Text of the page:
Cats and dogs are frequently kept in close contact offering the possibility of interspezies transmissions of coronaviruses.In order to get more insights about the occurrence of such recombination events under field conditions, faecal samples of 87 cats and 22 dogs, originating from an animal shelter, were examinated for coronaviruses, focussing on the genetic make up of their S and M protein genes. The samples were investigated for coronavirus specific nucleic acids by PCR, 52,9% of the cats and 77,3% of the dogs were positiv in their faeces.
PCRs differentiating in the S gene revealed a clear predominance of FCoV type I in cat samples, while no type I could be detected in dog samples. Remarkably, in contrast to earlier studies, typing in this genomic region was not successful in 50 % of the cat samples and in 41 % of the dog samples. Concerning the typing in the M gene region 64.7 % of the positive dog samples could be assigned to the FCoV-like CCoV.
Surprisingly the same M gene region could also be amplified from 56.5 % of the coronavirus positive feline faecal samples, but not from various feline reference strains. To our knowledge, these results in feline field samples have not been published yet. A significant correlation was found between the duration of stay in the shelter and the prevalence of these M gene PCR positive feline field samples, as this type could only be detected in cats which had been in the shelter for at least 7 days.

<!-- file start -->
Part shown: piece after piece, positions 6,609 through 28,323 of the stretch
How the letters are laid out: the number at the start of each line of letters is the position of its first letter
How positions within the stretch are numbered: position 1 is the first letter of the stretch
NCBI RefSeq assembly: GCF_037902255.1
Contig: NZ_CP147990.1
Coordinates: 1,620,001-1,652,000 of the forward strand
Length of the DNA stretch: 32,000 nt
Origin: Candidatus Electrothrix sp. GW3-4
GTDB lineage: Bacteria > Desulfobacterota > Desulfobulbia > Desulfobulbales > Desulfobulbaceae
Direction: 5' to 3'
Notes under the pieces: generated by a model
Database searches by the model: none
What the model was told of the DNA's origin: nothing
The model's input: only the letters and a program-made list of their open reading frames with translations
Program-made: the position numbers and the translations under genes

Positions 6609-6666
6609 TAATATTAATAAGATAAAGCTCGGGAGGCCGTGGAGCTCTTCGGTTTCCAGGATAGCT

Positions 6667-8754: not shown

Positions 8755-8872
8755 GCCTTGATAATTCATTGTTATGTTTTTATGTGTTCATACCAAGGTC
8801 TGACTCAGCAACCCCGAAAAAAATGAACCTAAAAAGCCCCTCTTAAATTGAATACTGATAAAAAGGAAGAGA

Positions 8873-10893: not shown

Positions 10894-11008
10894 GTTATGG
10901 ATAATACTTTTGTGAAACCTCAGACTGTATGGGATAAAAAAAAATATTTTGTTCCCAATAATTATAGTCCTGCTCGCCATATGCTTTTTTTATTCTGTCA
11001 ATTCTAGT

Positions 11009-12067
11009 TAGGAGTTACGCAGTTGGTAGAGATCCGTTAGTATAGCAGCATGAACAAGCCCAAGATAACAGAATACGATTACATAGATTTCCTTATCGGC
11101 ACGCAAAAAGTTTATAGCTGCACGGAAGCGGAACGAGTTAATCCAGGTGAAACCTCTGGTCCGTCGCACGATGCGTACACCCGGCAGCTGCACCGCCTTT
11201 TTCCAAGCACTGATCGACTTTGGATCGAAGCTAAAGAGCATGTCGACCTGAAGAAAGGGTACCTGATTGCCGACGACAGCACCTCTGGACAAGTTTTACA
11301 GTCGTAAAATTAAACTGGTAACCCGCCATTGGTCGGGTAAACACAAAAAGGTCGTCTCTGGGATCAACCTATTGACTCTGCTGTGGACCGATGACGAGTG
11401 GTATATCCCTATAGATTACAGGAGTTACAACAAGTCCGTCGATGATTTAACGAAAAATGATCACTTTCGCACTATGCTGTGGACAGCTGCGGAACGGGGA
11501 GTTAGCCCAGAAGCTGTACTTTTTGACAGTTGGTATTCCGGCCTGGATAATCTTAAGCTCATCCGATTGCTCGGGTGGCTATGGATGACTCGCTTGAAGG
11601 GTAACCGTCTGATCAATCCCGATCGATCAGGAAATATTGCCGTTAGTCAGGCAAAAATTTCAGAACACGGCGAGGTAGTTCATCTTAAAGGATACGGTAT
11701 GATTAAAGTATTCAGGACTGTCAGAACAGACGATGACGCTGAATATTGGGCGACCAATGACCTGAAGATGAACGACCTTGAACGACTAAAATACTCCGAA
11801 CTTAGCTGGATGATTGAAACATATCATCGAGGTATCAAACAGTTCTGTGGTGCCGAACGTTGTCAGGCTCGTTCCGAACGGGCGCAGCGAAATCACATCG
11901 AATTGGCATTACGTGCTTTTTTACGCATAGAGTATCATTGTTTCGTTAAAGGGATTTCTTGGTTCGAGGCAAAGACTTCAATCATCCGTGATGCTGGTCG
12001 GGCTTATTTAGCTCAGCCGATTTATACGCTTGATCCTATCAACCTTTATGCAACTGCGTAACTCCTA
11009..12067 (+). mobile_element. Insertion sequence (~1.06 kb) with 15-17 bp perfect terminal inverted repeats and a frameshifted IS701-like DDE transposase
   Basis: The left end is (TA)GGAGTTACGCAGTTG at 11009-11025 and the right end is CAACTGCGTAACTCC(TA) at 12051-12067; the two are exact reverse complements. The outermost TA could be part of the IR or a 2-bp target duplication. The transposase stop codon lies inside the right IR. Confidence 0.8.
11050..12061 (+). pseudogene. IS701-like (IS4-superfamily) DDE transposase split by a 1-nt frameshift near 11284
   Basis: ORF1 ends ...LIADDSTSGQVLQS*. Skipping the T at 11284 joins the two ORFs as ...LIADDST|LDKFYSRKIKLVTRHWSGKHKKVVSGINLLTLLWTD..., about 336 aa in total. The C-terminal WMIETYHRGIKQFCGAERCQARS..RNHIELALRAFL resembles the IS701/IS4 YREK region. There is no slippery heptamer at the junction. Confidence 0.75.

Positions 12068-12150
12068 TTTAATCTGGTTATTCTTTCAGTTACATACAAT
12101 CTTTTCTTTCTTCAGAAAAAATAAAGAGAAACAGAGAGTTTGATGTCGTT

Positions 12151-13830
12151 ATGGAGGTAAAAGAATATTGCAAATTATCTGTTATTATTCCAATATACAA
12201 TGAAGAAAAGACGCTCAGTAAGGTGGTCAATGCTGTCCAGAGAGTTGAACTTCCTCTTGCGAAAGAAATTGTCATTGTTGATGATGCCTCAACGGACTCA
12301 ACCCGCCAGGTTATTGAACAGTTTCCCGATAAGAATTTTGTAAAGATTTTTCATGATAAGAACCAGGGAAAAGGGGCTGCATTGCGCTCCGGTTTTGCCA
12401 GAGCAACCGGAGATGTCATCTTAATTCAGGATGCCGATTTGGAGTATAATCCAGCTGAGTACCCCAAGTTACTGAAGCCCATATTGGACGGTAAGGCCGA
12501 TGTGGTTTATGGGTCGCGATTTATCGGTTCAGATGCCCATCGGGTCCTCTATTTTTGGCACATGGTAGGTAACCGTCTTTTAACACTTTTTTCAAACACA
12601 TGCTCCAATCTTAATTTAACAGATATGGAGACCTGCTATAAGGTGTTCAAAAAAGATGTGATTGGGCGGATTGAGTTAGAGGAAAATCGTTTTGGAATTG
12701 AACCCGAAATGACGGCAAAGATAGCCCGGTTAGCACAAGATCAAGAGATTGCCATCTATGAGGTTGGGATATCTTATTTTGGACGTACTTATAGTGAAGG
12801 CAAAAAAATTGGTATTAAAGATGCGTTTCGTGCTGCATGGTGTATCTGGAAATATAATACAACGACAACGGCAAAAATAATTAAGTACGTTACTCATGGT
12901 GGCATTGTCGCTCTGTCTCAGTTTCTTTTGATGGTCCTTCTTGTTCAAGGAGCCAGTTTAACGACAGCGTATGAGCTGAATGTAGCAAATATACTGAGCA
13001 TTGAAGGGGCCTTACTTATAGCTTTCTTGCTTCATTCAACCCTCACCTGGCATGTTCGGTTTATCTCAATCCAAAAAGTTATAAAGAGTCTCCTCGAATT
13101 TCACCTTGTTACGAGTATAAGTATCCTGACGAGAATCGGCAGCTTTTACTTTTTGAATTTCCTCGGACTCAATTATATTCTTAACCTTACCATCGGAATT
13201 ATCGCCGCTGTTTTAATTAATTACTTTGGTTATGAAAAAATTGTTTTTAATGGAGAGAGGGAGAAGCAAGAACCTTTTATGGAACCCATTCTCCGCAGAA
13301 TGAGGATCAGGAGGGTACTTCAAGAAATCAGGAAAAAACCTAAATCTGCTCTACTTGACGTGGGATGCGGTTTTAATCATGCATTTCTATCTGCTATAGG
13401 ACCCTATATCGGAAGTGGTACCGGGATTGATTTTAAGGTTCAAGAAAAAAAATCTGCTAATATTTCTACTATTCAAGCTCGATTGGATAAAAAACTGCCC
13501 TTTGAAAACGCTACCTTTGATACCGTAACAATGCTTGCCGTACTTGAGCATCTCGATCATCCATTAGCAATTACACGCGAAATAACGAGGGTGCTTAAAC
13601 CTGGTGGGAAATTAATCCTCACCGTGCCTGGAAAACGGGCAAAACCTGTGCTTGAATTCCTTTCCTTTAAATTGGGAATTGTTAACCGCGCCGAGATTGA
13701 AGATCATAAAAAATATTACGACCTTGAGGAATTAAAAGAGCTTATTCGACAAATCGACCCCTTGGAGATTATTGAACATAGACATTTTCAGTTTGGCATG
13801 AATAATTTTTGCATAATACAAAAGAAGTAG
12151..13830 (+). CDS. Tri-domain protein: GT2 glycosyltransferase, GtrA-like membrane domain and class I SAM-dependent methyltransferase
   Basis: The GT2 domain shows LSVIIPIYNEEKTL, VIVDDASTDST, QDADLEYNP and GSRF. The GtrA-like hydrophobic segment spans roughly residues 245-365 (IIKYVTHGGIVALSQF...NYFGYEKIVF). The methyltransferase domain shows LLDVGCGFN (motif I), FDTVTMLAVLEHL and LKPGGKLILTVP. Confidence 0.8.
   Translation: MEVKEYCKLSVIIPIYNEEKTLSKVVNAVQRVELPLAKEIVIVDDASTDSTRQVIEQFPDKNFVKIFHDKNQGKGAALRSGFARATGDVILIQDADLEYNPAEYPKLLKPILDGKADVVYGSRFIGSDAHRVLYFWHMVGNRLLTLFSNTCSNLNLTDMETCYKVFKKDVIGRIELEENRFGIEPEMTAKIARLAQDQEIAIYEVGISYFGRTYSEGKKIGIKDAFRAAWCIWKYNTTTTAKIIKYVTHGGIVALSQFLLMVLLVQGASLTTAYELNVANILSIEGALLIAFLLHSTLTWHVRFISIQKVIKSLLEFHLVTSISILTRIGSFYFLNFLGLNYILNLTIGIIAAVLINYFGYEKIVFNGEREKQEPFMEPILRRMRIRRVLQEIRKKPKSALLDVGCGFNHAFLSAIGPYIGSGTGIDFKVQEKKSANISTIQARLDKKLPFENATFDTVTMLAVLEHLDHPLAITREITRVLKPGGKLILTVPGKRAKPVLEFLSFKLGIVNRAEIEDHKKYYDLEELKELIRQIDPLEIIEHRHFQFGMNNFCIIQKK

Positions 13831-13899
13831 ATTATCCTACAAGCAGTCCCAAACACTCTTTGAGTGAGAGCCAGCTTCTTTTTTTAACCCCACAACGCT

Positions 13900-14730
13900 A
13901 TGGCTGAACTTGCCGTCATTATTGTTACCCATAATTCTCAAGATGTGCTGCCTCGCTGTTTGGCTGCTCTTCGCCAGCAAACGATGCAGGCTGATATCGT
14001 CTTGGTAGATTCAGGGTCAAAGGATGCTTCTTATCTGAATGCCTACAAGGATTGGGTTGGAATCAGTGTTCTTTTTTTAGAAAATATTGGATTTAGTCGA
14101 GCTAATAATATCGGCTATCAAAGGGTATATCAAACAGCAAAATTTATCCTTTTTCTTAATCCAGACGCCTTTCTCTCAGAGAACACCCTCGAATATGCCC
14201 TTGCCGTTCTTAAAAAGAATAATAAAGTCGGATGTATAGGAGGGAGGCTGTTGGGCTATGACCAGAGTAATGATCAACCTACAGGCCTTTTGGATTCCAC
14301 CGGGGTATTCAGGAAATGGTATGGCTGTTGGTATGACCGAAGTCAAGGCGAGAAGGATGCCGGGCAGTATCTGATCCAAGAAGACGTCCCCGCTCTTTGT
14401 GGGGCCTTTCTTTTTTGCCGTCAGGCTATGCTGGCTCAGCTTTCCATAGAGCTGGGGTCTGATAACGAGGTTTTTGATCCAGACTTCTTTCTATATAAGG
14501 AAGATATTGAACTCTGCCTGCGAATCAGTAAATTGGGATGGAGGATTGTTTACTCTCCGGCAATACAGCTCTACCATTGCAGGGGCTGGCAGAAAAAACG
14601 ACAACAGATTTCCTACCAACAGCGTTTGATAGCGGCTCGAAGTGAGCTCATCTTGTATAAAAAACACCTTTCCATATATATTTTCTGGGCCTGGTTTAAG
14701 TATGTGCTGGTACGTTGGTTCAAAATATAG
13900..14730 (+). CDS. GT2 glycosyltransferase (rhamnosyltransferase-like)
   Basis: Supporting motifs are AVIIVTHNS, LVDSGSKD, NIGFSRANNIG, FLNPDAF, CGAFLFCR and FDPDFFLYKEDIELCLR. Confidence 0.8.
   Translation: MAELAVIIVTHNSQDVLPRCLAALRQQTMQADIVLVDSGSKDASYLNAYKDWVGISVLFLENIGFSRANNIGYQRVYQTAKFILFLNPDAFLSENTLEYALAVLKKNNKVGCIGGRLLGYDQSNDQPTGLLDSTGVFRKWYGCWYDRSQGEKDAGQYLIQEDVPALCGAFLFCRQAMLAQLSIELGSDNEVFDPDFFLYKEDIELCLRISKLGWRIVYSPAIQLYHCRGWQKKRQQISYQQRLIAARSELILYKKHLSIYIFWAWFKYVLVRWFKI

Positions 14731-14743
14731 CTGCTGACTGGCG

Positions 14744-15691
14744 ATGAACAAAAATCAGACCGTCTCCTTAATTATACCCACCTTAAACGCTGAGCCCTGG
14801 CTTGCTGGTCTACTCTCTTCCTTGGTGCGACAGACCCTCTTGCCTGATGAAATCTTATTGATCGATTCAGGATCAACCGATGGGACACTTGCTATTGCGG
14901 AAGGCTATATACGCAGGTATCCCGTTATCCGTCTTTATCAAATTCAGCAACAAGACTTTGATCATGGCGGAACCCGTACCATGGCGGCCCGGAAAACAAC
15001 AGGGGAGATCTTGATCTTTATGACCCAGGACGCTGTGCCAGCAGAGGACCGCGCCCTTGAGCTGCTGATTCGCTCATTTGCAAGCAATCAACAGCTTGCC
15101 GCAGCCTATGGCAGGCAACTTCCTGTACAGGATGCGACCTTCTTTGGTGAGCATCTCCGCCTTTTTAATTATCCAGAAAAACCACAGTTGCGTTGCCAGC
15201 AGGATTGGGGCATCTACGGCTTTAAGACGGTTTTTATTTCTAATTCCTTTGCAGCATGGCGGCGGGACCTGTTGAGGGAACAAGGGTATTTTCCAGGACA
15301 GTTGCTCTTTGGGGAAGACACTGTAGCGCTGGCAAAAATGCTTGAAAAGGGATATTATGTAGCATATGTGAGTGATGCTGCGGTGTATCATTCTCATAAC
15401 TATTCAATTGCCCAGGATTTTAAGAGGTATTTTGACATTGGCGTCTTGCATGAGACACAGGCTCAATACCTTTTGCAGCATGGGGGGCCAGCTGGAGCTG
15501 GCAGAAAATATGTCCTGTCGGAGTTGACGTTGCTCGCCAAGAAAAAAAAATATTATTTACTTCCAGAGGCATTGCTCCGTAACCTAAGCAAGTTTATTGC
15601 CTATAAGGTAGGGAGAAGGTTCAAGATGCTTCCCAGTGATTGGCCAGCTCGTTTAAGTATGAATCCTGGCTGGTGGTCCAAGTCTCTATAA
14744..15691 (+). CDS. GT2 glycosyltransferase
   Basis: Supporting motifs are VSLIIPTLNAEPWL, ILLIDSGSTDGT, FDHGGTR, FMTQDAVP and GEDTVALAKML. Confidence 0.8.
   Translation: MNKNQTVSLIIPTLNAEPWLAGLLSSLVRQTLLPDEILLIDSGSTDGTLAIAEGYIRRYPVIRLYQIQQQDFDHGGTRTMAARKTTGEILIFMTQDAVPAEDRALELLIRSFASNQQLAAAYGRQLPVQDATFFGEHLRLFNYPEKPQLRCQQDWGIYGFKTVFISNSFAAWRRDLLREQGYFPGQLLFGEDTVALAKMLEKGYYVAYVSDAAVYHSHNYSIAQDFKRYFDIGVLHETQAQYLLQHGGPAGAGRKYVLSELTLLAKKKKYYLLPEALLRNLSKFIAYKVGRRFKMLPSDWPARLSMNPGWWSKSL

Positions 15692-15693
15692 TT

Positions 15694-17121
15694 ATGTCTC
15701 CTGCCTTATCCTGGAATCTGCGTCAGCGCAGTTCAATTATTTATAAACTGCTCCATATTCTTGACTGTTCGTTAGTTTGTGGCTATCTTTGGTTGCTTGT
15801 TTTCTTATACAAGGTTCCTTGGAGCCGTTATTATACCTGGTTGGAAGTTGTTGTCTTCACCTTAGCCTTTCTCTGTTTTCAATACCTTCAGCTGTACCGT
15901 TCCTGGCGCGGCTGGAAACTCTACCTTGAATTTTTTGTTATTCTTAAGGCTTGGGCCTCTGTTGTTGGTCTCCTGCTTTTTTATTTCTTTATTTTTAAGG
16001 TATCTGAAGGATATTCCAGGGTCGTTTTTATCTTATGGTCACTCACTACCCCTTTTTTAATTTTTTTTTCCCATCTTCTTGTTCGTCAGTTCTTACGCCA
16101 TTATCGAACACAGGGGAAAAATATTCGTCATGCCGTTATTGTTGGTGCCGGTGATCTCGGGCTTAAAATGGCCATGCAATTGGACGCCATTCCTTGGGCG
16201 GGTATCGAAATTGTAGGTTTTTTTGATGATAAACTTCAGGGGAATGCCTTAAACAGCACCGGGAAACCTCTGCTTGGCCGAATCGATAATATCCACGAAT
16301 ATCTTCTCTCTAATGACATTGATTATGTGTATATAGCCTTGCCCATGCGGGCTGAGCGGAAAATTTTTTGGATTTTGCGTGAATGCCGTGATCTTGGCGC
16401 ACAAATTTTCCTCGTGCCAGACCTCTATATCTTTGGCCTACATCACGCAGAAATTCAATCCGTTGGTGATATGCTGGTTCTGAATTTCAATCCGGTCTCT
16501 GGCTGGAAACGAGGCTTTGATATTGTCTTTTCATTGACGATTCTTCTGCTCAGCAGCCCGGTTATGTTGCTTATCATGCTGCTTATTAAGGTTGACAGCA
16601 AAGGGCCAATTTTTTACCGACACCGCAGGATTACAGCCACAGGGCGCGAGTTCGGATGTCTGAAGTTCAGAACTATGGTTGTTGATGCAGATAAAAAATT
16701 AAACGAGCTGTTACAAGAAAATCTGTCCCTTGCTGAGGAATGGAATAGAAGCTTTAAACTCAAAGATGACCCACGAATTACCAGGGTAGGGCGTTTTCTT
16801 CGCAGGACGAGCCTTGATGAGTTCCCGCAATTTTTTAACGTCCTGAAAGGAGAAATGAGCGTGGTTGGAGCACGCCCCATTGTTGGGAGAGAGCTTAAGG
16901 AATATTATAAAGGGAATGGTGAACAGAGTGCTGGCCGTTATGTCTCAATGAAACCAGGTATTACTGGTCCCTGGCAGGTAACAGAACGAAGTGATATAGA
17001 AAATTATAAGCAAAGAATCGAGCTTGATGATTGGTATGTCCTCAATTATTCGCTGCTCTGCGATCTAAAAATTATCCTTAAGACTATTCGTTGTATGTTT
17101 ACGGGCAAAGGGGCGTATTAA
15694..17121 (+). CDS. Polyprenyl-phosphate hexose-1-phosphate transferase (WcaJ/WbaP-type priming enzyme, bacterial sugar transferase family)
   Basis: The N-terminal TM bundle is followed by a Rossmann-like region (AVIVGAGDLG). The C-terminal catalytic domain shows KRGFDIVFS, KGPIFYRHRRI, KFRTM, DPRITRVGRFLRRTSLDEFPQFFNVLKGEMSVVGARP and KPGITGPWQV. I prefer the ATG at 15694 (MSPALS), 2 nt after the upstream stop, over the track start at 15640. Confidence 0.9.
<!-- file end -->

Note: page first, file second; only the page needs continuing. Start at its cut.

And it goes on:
The results may indicate that coronaviruses of carnivores are frequently transmitted between dogs and cats which are living in close contact eventually leading to recombinant variants.